From the description: "The long and bloody three-day battle exhausted both armies. Their respective commanders faced difficult tasks, including the rallying of their troops for more marching and fighting. Lee had to keep his army organized and motivated enough to conduct an orderly withdrawal away from the field. Meade faced the same organizational and motivational challenges, while assessing the condition of his victorious but heavily damaged army, to determine if it had sufficient strength to pursue and crush a still-dangerous enemy. Central to the respective commanders’ decisions was the information they received from their intelligence-gathering resources about the movements, intentions, and capability of the enemy. The eleven-day period after Gettysburg was a battle of wits to determine which commander better understood the information he received, and directed the movements of his army accordingly. Prepare for some surprising revelations."

Other aspects of the retreat are featured as well. "Woven into this account is the fate of thousands of Union prisoners who envisioned rescue to avoid incarceration in wretched Confederate prisons, and a characterization of how the Union and Confederate media portrayed the ongoing conflict for consumption on the home front."

More: "The authors utilized a host of primary sources to craft their study, including letters, memoirs, diaries, official reports, newspapers, and telegrams, and have threaded these intelligence gems in an exciting and fast-paced narrative that includes a significant amount of new information." As we've come to expect from SB titles, maps (14 in number), photographs, and other illustrations are interspersed throughout. The appendix section includes transcriptions of some intelligence documents and a short piece examining the relationship between General Meade and the BMI.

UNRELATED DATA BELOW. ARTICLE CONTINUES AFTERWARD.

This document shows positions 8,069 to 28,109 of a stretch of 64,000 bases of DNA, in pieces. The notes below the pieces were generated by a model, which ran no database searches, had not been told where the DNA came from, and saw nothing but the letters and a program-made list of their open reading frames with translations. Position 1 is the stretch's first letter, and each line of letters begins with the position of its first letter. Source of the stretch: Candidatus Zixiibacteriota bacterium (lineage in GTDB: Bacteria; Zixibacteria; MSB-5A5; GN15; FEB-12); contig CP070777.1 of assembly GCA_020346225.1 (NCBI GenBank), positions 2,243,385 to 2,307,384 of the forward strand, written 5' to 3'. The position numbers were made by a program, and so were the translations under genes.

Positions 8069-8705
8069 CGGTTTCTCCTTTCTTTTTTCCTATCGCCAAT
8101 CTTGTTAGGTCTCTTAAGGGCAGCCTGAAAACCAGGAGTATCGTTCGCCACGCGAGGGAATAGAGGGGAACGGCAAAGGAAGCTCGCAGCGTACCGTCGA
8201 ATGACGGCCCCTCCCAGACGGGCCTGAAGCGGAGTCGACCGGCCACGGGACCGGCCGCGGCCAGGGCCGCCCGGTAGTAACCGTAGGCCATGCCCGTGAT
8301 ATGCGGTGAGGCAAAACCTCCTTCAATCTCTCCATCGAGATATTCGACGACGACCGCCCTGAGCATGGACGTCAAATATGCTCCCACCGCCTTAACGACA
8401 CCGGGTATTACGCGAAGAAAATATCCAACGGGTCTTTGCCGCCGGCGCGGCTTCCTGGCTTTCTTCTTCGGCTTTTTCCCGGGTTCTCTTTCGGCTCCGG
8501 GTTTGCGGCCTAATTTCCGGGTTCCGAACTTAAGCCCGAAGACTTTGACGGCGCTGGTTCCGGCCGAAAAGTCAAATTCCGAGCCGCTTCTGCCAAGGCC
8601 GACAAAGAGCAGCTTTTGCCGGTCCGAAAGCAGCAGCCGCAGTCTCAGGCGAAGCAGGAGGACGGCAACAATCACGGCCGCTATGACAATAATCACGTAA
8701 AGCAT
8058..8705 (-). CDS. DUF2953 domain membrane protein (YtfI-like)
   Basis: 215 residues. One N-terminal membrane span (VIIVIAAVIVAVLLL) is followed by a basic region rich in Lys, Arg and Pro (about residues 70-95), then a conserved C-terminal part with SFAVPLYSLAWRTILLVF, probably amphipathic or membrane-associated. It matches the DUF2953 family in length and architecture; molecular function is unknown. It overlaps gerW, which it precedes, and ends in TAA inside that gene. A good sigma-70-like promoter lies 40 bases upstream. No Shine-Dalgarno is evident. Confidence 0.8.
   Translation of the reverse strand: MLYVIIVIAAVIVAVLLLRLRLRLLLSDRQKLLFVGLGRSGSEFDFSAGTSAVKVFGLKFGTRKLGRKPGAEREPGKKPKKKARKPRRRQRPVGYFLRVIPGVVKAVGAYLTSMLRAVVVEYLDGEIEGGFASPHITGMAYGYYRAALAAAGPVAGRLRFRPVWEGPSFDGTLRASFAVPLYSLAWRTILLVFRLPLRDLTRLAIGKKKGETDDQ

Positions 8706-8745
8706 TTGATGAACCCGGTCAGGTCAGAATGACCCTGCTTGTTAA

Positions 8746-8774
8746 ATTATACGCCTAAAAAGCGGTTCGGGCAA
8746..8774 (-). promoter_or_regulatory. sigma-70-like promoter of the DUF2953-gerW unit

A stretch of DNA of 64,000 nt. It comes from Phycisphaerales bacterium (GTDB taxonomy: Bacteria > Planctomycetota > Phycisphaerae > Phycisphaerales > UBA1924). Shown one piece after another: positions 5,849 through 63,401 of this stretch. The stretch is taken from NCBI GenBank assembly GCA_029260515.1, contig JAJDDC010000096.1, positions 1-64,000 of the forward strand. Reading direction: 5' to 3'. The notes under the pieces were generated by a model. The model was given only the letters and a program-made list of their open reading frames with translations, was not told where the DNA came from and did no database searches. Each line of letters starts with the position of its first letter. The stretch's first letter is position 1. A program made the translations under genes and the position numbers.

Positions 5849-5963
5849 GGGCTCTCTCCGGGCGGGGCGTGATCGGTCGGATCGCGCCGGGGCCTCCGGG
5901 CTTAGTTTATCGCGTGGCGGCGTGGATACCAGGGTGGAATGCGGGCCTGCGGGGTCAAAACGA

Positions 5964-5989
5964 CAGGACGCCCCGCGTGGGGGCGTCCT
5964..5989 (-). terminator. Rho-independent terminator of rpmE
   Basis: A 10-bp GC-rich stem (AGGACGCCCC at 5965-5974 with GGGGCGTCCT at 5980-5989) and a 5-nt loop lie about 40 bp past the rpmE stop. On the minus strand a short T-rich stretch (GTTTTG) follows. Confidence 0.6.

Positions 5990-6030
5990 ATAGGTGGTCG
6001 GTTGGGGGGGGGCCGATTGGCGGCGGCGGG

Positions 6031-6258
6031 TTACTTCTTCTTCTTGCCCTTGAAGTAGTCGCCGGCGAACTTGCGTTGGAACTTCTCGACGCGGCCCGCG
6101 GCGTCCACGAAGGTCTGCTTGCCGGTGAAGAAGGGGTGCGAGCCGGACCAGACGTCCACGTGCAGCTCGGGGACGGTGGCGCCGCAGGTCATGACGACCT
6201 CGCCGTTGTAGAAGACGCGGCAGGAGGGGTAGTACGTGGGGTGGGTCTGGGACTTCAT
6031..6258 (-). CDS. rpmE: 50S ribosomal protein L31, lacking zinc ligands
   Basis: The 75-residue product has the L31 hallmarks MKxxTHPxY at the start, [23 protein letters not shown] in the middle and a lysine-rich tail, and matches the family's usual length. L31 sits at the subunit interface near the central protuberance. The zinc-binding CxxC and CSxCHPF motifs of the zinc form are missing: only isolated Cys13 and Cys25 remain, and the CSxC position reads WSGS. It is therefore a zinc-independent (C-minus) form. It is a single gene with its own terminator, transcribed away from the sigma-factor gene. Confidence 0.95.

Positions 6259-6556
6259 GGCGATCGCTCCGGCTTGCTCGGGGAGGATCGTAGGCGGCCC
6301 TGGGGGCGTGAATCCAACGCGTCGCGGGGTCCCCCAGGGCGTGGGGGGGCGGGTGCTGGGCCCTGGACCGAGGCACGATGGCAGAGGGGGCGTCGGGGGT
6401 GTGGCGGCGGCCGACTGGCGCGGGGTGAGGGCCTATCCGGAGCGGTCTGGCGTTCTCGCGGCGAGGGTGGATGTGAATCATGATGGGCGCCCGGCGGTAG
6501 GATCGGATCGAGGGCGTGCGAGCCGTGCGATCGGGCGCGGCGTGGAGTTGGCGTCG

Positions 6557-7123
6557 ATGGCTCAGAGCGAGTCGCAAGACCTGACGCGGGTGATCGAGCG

Friday, August 9, 2019

Booknotes: Civil War Taxes

New Arrival:
Civil War Taxes: A Documentary History, 1861-1900 by John Martin Davis, Jr.
  (McFarland, 2019).

As we all know, fighting the Civil War was an enormously expensive drain on the public coffers. In his book Civil War Taxes: A Documentary History, 1861-1900 retired tax attorney John Martin Davis provides a comprehensive overview of the tax initiatives each side devised to fund their war efforts.

From the description: "To raise revenue for the war effort, every possible person, business, activity and property was assessed, but projections and collections were seldom up to expectations, and waste, fraud and ineffectiveness in the administration of the tax systems plagued both sides. This economic history uses forensic examination of actual documents to discover the various taxes that developed from the Civil War, including the direct and poll taxes, which were dropped; the income tax, which stands today; and the war tax, which was effective for only a short time."

Roughly speaking, the book is equally divided between narrative text and document images. After a short bit of background history of antebellum federal tax systems, the book dives into the tax history of each year of the war, with alternating US and CS chapters.